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{{hc|/boot/loader/loader.conf|
 
default  arch
 
default  arch
 
timeout  4
 
timeout  4
Line 42: Line 45:
  
 
== Adding boot entries ==
 
== Adding boot entries ==
 
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Gummiboot searches for boot menu items in {{ic|/boot/loader/entries/*.conf}} – each file found must contain exactly one boot entry. The possible options are:
{{note|
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If you have separate partitions for {{ic|/boot}} and {{ic|/boot/efi}}, you '''must''' copy the kernel and initramfs to the EFI partition. Gummiboot does not support loading kernels from other partitions than itself. See the section below on how to automate this.
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}}
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Gummiboot searches for boot menu items in {{ic|$esp/loader/entries/*.conf}} – each file found must contain exactly one boot entry. The possible options are:
+
  
 
* {{ic|title}} – operating system name. '''Required.'''
 
* {{ic|title}} – operating system name. '''Required.'''
  
* {{ic|title-version}} – kernel version, shown only when multiple entries with same title exist. Optional.
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* {{ic|version}} – kernel version, shown only when multiple entries with same title exist. Optional.
  
* {{ic|title-machine}} – machine identifier (usually first few letters from {{ic|/etc/machine-id}}, shown only when multiple entries with same title+version exist. Optional.
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* {{ic|machine-id}} – machine identifier from {{ic|/etc/machine-id}}, shown only when multiple entries with same title and version exist. Optional.
  
* {{ic|efi}} – EFI program to start; e.g. {{ic|\EFI\arch\vmlinuz-linux.efi}}. '''Required.'''
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* {{ic|efi}} – EFI program to start, relative to your ESP ({{ic|/boot}}); e.g. {{ic|/vmlinuz-linux}}. Either this or {{ic|linux}} (see below) is '''required.'''
  
 
* {{ic|options}} – Command-line options to pass to the EFI program. Optional, but you will need at least {{ic|1=initrd=''efipath''}} and {{ic|1=root=''dev''}} if booting Linux.
 
* {{ic|options}} – Command-line options to pass to the EFI program. Optional, but you will need at least {{ic|1=initrd=''efipath''}} and {{ic|1=root=''dev''}} if booting Linux.
 +
 +
For Linux, you can specify {{ic|linux ''path-to-vmlinuz''}} and {{ic|initrd ''path-to-initramfs''}}; this will be automatically translated to {{ic|efi ''path''}} and {{ic|1=options initrd=''path''}} – this syntax is only supported for convenience and has no differences in function.
  
 
An example entry for Arch Linux:
 
An example entry for Arch Linux:
  
{{hc|$esp/loader/entries/arch.conf|2=
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{{hc|/boot/loader/entries/arch.conf|2=
 
title          Arch Linux
 
title          Arch Linux
 
linux          /vmlinuz-linux
 
linux          /vmlinuz-linux
 
initrd        /initramfs-linux.img
 
initrd        /initramfs-linux.img
options        root=PARTUUID=14420948-2cea-4de7-b042-40f67c618660 ro
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options        root=PARTUUID=14420948-2cea-4de7-b042-40f67c618660 rw
 
}}
 
}}
  
For Linux, you can specify {{ic|linux ''path-to-vmlinuz''}} and {{ic|initrd ''path-to-initramfs''}}; this will be automatically translated to {{ic|efi ''path''}} and {{ic|1=options initrd=''path''}} – this syntax is only supported for convenience and has no differences in function.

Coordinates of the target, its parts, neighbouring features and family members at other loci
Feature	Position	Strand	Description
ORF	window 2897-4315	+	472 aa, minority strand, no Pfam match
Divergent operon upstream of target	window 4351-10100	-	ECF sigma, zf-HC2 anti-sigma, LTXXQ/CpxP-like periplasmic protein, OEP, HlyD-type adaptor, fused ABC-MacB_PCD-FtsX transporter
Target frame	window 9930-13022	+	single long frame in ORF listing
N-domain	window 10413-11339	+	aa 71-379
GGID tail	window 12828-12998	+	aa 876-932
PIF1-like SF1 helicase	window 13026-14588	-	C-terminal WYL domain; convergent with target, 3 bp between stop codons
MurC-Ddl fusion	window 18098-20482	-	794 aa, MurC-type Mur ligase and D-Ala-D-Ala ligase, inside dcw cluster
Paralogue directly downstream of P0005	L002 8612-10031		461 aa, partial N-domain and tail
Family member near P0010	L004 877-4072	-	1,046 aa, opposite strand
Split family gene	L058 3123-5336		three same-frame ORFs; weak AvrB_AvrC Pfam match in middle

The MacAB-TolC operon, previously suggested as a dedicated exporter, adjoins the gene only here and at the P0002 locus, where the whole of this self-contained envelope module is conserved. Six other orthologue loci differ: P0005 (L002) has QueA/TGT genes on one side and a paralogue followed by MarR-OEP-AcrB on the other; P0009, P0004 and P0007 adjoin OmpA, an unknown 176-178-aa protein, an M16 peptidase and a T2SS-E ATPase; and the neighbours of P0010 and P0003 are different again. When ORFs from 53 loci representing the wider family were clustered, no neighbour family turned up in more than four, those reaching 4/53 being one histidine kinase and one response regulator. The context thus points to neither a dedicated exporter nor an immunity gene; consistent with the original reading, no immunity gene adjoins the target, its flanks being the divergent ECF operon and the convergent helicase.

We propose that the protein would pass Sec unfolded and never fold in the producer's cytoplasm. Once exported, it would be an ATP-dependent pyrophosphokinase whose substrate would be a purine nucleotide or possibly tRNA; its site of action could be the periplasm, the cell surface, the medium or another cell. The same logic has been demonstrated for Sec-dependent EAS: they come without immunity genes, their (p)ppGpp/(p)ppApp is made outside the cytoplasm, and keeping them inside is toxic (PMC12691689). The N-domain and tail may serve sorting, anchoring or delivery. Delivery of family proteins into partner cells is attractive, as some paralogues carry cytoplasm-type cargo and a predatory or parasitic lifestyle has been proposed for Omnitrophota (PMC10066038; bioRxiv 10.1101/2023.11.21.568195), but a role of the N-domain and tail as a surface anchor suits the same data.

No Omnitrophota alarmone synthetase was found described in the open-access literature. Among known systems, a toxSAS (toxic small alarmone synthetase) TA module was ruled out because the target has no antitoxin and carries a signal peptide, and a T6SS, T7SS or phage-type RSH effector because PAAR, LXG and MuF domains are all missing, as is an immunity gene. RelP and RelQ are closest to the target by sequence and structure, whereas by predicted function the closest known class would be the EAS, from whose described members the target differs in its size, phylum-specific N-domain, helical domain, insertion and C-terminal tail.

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You can also add other EFI programs such as {{ic|\EFI\arch\grub.efi}}.  
  
You can also add other EFI programs such as {{ic|\EFI\arch\grub.efi}} or {{ic|\EFI\Microsoft\Boot\Bootmgfw.efi}} (the Windows 7 boot manager). The EFI Shell, if installed, will be shown automatically.
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{{Note|Gummiboot will automatically check for binaries of a Windows Installation ({{ic|\EFI\Microsoft\Boot\Bootmgfw.efi}}) or a UEFI Shell ({{ic|\shellx64.efi}}) and display entries for them, so you don't have to create these manually.}}
  
{{hc|$esp/loader/entries/shell.conf|2=
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== Inside the boot menu ==
title          UEFI Shell
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efi            /shellx64.efi
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}}
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== Separate boot and EFI partitions ==
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=== Keys ===
  
TODO: link my kernel-post-upgrade stuff, https://github.com/grawity/code/tree/master/os/arch
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The following keys are used inside the menu:
 +
* {{ic|Up/Down}} - select entry
 +
* {{ic|Enter}} - boot the selected entry
 +
* {{ic|d}} - select the default entry to boot (stored in a non-volatile EFI variable)
 +
* {{ic|t/T}} - adjust the timeout (stored in a non-volatile EFI variable)
 +
* {{ic|e}} - edit the kernel command line
 +
* {{ic|q}} - quit
 +
* {{ic|v}} - show the gummiboot and UEFI version
 +
* {{ic|p}} - print the current configuration
 +
* {{ic|h}} - show key mapping
  
== Inside the boot menu ==
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These hotkeys will, when pressed inside the menu or during bootup, directly boot
 +
a specific entry:
 +
* {{ic|l}} - Linux
 +
* {{ic|w}} - Windows
 +
* {{ic|a}} - OS X
 +
* {{ic|s}} - EFI Shell
 +
* {{ic|1-9}} - number of entry
 +
 
 +
== Troubleshooting ==
 +
 
 +
==== Manual entry using efibootmgr ====
 +
 
 +
If {{ic|gummiboot install}} command failed you can create a EFI boot entry manually with {{ic|efibootmgr}} utility: